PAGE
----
The Complainant was not as cooperative when he too was asked to leave the premises. He swore at the SO, objected to his presence and challenged the officer to a fight. The SO replied that he was not interested in fighting but did want the Complainant to vacate the area, warning the Complainant repeatedly that he would otherwise be arrested for public intoxication. The Complainant was not appeased; he ripped his T-shirt to reveal his right bicep muscle and again invited the officer to fight him. The SO reacted by shoving the Complainant into one of the pillars supporting the library overhang. There followed a brief struggle between the two as the SO took the Complainant face-first to the ground, whereupon the officer was able to secure the Complainant’s arms in handcuffs behind him. The takedown resulted in the Complainant’s fractured left arm.

WO #1 arrived at the library to find the Complainant on the ground in handcuffs. He and the SO assisted the Complainant to his feet and lodged him in the backseat of the SO’s cruiser. The Complainant repeatedly complained that his arm was broken and asked for medical attention. Upon his arrival at the police station, an ambulance was summoned and took the Complainant to hospital.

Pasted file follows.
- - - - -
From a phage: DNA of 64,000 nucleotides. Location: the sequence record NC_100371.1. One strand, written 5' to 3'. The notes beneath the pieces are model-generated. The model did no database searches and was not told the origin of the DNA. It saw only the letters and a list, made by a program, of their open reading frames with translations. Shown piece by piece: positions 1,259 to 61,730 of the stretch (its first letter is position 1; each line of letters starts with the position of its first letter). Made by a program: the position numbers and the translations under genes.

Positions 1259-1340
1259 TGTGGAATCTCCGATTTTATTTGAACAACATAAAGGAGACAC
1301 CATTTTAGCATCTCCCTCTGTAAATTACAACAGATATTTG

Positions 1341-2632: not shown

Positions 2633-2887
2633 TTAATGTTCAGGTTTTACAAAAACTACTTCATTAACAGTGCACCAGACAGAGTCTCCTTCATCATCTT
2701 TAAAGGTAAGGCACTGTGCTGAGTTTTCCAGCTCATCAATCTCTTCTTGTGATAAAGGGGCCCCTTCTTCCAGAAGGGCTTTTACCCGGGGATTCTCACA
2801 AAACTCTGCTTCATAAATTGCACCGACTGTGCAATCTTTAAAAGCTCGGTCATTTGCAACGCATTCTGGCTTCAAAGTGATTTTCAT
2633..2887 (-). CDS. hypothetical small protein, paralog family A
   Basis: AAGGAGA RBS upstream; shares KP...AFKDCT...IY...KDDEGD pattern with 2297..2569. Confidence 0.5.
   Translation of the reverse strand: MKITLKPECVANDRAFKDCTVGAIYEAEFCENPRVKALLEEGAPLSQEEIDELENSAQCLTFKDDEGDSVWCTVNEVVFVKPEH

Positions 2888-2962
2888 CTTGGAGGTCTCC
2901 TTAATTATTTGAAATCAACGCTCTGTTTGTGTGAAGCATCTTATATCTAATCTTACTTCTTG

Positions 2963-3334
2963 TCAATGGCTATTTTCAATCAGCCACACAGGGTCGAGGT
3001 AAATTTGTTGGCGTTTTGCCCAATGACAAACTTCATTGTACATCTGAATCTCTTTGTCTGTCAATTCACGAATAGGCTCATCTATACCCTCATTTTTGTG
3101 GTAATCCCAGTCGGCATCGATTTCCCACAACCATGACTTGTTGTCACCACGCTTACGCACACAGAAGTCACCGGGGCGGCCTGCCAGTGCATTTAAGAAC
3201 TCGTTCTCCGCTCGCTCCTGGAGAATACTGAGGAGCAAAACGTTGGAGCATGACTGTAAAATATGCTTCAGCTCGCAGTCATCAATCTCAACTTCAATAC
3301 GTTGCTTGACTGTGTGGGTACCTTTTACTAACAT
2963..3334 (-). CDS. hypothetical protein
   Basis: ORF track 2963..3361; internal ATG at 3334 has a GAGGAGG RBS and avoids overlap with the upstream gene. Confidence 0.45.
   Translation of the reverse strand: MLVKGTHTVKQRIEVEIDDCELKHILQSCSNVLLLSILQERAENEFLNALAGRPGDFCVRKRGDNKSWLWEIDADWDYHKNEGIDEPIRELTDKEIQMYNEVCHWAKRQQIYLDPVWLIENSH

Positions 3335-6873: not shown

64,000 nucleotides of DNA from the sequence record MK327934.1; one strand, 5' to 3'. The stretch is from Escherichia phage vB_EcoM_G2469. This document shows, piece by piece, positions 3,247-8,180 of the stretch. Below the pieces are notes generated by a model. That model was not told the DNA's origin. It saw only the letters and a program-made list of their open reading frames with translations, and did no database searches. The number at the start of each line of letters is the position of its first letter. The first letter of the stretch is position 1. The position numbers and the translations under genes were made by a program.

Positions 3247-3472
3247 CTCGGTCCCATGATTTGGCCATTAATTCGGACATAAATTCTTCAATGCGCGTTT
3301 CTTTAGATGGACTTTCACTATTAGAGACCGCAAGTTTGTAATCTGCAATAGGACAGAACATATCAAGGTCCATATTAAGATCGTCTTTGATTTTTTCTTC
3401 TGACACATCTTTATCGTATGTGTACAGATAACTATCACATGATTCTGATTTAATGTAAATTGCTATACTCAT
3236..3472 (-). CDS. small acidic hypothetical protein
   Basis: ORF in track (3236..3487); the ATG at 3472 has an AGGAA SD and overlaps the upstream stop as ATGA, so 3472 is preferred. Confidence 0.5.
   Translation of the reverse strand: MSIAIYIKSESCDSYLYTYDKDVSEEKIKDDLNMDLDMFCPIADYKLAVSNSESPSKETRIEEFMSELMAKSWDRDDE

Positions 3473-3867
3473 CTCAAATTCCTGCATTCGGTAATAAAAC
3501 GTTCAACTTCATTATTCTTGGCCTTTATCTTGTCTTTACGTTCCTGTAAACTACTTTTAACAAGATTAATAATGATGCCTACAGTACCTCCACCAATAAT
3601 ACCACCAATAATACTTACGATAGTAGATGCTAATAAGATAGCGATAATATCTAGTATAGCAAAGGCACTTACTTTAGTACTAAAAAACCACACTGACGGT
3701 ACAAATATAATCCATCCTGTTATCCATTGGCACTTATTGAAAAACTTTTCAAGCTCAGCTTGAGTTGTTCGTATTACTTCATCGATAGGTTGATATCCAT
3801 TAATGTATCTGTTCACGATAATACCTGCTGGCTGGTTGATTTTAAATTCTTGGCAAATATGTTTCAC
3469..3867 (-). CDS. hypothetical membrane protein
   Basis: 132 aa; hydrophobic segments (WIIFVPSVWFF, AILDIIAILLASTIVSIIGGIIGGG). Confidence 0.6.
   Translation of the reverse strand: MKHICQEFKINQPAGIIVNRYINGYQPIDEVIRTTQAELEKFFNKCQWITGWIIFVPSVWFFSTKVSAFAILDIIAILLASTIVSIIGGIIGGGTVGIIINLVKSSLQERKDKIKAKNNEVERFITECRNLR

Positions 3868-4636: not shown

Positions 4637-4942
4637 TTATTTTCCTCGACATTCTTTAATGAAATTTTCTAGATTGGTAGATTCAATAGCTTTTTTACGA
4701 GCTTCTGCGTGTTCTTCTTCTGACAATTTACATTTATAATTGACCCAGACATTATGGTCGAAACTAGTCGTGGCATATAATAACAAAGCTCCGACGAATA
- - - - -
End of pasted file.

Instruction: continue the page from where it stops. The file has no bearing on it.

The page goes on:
Relevant Legislation

Section 25(1), Criminal Code -- Protection of persons acting under authority

25 (1) Every one who is required or authorized by law to do anything in the administration or enforcement of the law
(a) as a private person,
(b) as a peace officer or public officer,
(c) in aid of a peace officer or public officer, or
(d) by virtue of his office,
is, if he acts on reasonable grounds, justified in doing what he is required or authorized to do and in using as much force as is necessary for that purpose.

Section 31(4), Liquor Licence Act -- Intoxicated in a public place

31 (4) No person shall be in an intoxicated condition,